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I'm using VS 2010 since we're developing an app in .Net 4 and the performance is driving me crazy. It's mostly bad when I don't view the IDE for a while (such as when I get pulled away for a help desk call or come in in the morning).

I realize it's probably built in WPF which unloads its resources when unused, but the few minute delay while it loads everything back up is really annoying. I've also noticed some significant delays when opening files or compiling.

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closed as off-topic by MichaelT, Bart van Ingen Schenau, Kilian Foth, GlenH7, gnat Sep 16 '14 at 14:03

  • This question does not appear to be about software development within the scope defined in the help center.
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This question would better fit on Super User as they give objective answers on computer hardware and software, while we are into subjective discussions about software development. – Tom Wijsman Sep 24 '10 at 13:28
Thank you, I will try there – Rachel Sep 24 '10 at 14:00
You will get better answers here. I unknown one VS user who aren't programmer. – bigown Sep 24 '10 at 16:41
If you can vote and think this is a useful question or it have useful answers below, please vote up. StackExchange sites need votes to build a good community. You can give 30 votes per day, don't waste them. Specially users with high reputation and low counting votes given please read this:… – bigown Oct 5 '10 at 19:31
This question appears to be off-topic because it is about a programming tool (IDE), which would normally belong on Stack Overflow, but is too old to migrate. – user40980 Sep 14 '14 at 0:49
up vote 5 down vote accepted

I had a similar problem after installing a couple of extensions. I ended up disabling them all and enabling them only when I actually use them. This really helped the experience.

EDIT: There seems to be a problem with certain Video Cards and drivers. You can check all the info here:

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Thanks, but I don't have any extensions installed – Rachel Sep 24 '10 at 16:17
Hmm, have you checked this out?… – Arturo Molina Sep 25 '10 at 3:14
I'm not sure if its the registry key or the VS setting, but my performance seems much better now! Thank you! – Rachel Sep 27 '10 at 12:14
Marking your answer as the Accepted one because your comment lead me to a solution even if the Answer didn't. Could you edit your answer to include the link? – Rachel Sep 27 '10 at 13:46
You got it! ;-) – Arturo Molina Sep 27 '10 at 20:56

Get a faster machine?

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I didn't think my machine was that bad... Intel(R) Core(TM)2 Duo CPU E4400 @ 2.00GHz, 1.20GHz, 2GB of RAM – Rachel Sep 24 '10 at 14:24
Think you need more than 2GB ram for VS 2010 - it's a memory monster – Jaco Pretorius Sep 24 '10 at 14:43
if you go too high, you will have to make sure your running a 64bit os, otherwise you probably wont see that extra ram :( – Muad'Dib Sep 24 '10 at 15:16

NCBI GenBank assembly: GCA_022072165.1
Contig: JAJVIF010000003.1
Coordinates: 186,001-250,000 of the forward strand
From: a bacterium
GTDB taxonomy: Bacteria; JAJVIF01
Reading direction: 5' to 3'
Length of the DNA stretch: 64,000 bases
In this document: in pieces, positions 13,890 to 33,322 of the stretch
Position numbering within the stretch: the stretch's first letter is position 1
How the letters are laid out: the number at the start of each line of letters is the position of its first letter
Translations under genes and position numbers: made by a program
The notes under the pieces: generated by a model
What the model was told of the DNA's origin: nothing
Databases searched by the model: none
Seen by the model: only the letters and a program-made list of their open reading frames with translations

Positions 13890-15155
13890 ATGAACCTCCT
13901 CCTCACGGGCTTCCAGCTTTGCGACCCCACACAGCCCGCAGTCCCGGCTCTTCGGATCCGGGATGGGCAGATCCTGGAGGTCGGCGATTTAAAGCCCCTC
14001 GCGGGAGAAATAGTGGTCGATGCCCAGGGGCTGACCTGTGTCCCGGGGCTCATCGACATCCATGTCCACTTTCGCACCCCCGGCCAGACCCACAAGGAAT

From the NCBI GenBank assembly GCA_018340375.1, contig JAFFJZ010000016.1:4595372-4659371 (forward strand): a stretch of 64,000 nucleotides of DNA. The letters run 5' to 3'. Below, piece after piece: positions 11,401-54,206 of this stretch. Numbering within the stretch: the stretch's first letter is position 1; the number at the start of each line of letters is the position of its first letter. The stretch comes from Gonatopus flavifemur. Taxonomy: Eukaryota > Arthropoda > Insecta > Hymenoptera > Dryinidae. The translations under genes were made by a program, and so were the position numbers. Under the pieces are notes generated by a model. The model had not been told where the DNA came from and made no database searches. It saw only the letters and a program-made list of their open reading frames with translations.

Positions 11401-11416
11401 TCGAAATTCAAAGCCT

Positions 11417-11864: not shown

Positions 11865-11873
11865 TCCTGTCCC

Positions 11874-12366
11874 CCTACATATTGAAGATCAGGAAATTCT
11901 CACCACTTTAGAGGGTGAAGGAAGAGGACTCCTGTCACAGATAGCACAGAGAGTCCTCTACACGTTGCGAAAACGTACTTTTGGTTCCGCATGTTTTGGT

I'm running VS2010 on a 1GB machine now... it only takes up ~200MB. Is that unusual? – Note to self - think of a name Sep 24 '10 at 15:23
Ouch. 4gb seems to be a necessity these days for WPF. – Morgan Herlocker Jun 9 '11 at 19:32

In addition of the Muad'Dib answer, I would recommend you a simple upgrade:

Replace you old hard drive by a solid state drive.

The performance increase of Visual Studio .NET is incredible.

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I can confirm that, I have 2 striped Intel X25-M drives and Visual Studio flies. – ChaosPandion Sep 24 '10 at 14:28
If you consider the relation price/capacity of the SSD incompatible with your needs then go to a good Hybrid HDD. Anyway I would consider a SSD + HDD. SSD is the best upgrade you can do. – bigown Sep 24 '10 at 16:47
I think that a developer should have the best machine available, this include the best SSD available. – user2567 Sep 24 '10 at 16:58
@Pierre just remember to also test your software's startup performance on a lowly consumer machine that doesn't have 8GB RAM and a $500 SSD :) – romkyns Jan 24 '11 at 0:57
@romkyns: Your suggestion is good, but I'm afraid it falls in the category of "means well". People easily talk about doing testing on a slower machine, but I've never ever seen anyone do it, with an eye to fixing performance issues. – Mike Dunlavey Feb 4 '11 at 15:54

With 2GB of RAM, I would really start right there. The larger the projects in your solutions, the more RAM you will need.

When you're away from VS and resume, do you notice the hard drive working very hard? That's an indicator it's using the disk to handle increased demands for RAM... RAM runs in nanoseconds, disks in milliseconds, so you can see the problem.

RAM is cheap (2GB should be well less than 100USD unless your machine is very old), but your OS may limit how much you can have. It also is as simple of an upgrade as you can pull off in most cases.

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I wouldn't go with less than 4GB. – bigown Sep 24 '10 at 16:42
I didn't notcied any significant improvement 2GB 32bit vs 4GB 64bit... – Nazgob Feb 4 '11 at 15:58

Are you running anti-virus software? If so, try turning it off for a while and see if you notice an improvement. It may be that it's configured for on-access scanning of certain file types, which can be a real performance killer with typical developer usage patterns.

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We have Symantec AntiVirus. Network admin has it so we can't turn it off or tamper with it, but perhaps I can ask him to add an exception for the VS project directory – Rachel Sep 24 '10 at 16:16

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